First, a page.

When I started working with C++ interface for Eye Tribe
(Eye Tracker) I didn't find any example to visualize gaze points Live. However, there are example programs which print GazeData
onto console. Hence, I decided to write a wrapper around C++ interface for Eye Tribe to visualize gaze data on a simple console application.
Before I get started, I would like to share my experience working with Eye Tribe.
I had used Eye Trackers from other vendors which are mostly wearable. The issue with wearable Eye Trackers is they can only be used for short studies or some diagnostic tests. However, wearable Eye Trackers are not widely used as a primary means of interacting with a system. The reason is obvious, either wearable Eye Trackers are heavy and/or users feel uneasy wearing these eye trackers while they work on a computer.
Eye Tribe is a game changer in this regard. Once calibrated with a good rating, its accuracy is unquestionable. I have been using Eye Tribe for more than 6 months and never ran into a situation demanding better accuracy. I can go on exalting the capabilities of Eye Tribe, however, this article is created for a different purpose.
Let's get back to the topic, the goal is to create a Live Gaze Visualizer for Eye Tribe.
Steps to deploy this project:
Step 1: Download and Install Boost C++ Libraries
Step 2: Download or Clone Eye Tribe C++ SDK from GitHub
- Download Boost C++ libraries from here
- Version to be used: 1.57.0 or higher
- If you are using Windows operating system, follow the instructions on Boost-Getting Started on Windows to understand how to use Boost Libraries.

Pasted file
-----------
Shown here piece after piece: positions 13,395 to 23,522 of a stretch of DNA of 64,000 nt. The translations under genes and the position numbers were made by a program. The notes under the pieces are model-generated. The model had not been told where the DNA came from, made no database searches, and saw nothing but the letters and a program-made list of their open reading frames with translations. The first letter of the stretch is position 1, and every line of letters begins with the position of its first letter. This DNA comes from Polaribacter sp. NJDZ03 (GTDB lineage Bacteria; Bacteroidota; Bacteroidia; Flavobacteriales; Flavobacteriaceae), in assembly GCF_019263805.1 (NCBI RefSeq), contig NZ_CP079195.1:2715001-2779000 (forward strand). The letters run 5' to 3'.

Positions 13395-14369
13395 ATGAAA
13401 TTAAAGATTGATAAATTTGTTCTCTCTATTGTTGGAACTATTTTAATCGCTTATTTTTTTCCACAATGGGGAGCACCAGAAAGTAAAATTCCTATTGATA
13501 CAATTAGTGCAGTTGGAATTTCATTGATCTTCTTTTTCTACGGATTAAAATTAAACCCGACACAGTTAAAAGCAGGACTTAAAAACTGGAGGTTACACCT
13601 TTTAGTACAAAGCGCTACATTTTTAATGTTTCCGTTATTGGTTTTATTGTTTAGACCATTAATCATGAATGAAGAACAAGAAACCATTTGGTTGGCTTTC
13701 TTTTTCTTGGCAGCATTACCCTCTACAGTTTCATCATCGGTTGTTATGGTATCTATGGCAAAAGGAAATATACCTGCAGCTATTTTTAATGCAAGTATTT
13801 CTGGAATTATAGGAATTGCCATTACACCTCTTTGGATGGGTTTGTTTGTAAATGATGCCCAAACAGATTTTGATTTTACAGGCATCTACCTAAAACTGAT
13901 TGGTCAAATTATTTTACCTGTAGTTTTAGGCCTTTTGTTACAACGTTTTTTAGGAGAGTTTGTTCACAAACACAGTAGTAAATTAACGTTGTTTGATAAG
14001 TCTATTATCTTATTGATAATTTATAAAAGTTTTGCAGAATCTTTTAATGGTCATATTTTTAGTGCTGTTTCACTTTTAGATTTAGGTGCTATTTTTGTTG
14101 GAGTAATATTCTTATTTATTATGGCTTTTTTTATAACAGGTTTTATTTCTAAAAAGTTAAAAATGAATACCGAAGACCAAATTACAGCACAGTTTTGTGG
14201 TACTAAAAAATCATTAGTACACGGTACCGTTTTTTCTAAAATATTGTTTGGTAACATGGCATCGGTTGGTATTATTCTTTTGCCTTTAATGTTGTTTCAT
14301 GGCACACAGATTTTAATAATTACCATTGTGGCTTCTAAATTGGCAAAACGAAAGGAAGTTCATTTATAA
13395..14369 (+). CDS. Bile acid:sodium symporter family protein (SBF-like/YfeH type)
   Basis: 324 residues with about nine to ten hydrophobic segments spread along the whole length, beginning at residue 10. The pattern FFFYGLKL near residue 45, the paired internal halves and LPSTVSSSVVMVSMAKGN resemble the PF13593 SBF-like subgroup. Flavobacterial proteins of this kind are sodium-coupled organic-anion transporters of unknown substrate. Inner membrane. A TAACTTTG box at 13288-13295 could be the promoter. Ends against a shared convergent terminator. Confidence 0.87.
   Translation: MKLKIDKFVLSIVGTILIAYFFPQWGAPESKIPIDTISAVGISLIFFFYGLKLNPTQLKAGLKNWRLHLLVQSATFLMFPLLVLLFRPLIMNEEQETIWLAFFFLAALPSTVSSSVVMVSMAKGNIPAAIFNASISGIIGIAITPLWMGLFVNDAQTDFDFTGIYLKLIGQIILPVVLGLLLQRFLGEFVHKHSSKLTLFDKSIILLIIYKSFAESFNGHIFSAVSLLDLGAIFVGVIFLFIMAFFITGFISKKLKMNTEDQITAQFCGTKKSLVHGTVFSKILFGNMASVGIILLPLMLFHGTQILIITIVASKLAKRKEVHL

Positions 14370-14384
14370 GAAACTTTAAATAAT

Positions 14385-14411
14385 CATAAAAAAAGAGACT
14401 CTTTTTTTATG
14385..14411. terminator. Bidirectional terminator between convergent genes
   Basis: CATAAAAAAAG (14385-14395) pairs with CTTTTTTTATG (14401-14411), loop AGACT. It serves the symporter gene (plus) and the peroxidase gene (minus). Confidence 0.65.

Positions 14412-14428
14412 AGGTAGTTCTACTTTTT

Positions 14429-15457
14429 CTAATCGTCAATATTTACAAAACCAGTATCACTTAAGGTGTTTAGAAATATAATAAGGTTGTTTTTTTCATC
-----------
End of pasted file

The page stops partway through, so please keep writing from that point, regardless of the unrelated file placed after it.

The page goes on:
- According to the Boost documentation- "Most Boost libraries are header-only: they consist entirely of header files containing templates and inline functions, and require no separately-compiled library binaries or special treatment when linking."
- Only a few libraries have to be built, this can be achieved through "Boost.Build" system.
Step 3: Handling Graphics
- You don't have to build any libraries, but all you need to do is include "gazeapi.h" to the project.
Step 4: Create Visual Studio Win32 Console Project - Gaze Visualizer
- I am assuming that "Visual Studio" is your IDE, and if it is the graphics header "Graphics.h" is not supported.
- University of Colorado has implemented a mechanism for using the WinBGIm Graphics Library from Visual Studio (2005/2008 or higher).
- Download the WinBGIm Graphics Library from here
- You would need two files from "WinBGIM" implementation: Winbgi.cpp, and graphics.h
- Create a Win32 console project.
- Select option "Empty Project, " and don't include any pre-compiled headers.
- In project properties set the header paths. In my case it is
- C:\Program Files\boost\boost_1_57_0\
- Under Linker -> General option, set Additional Library Directories
- C:\Program Files\boost\boost_1_57_0\stage\lib\
- C:\Program Files\boost\boost_1_57_0\libs\
- Add source files (*.cpp) from Eye Tribe SDK to the project
- Add Winbgi.cpp, and graphics.h to the project
- The file "EyeTracker.cpp" (shared on GitHub) implements the Gaze Visualizer.
- Built the project.
- Connect Eye Tribe to the system, and calibrate.
- Run the application and you will see circles drawn on the console showing the Gaze points.
- These points are also encoding pupil size.
Feel free to contact me should you have queries.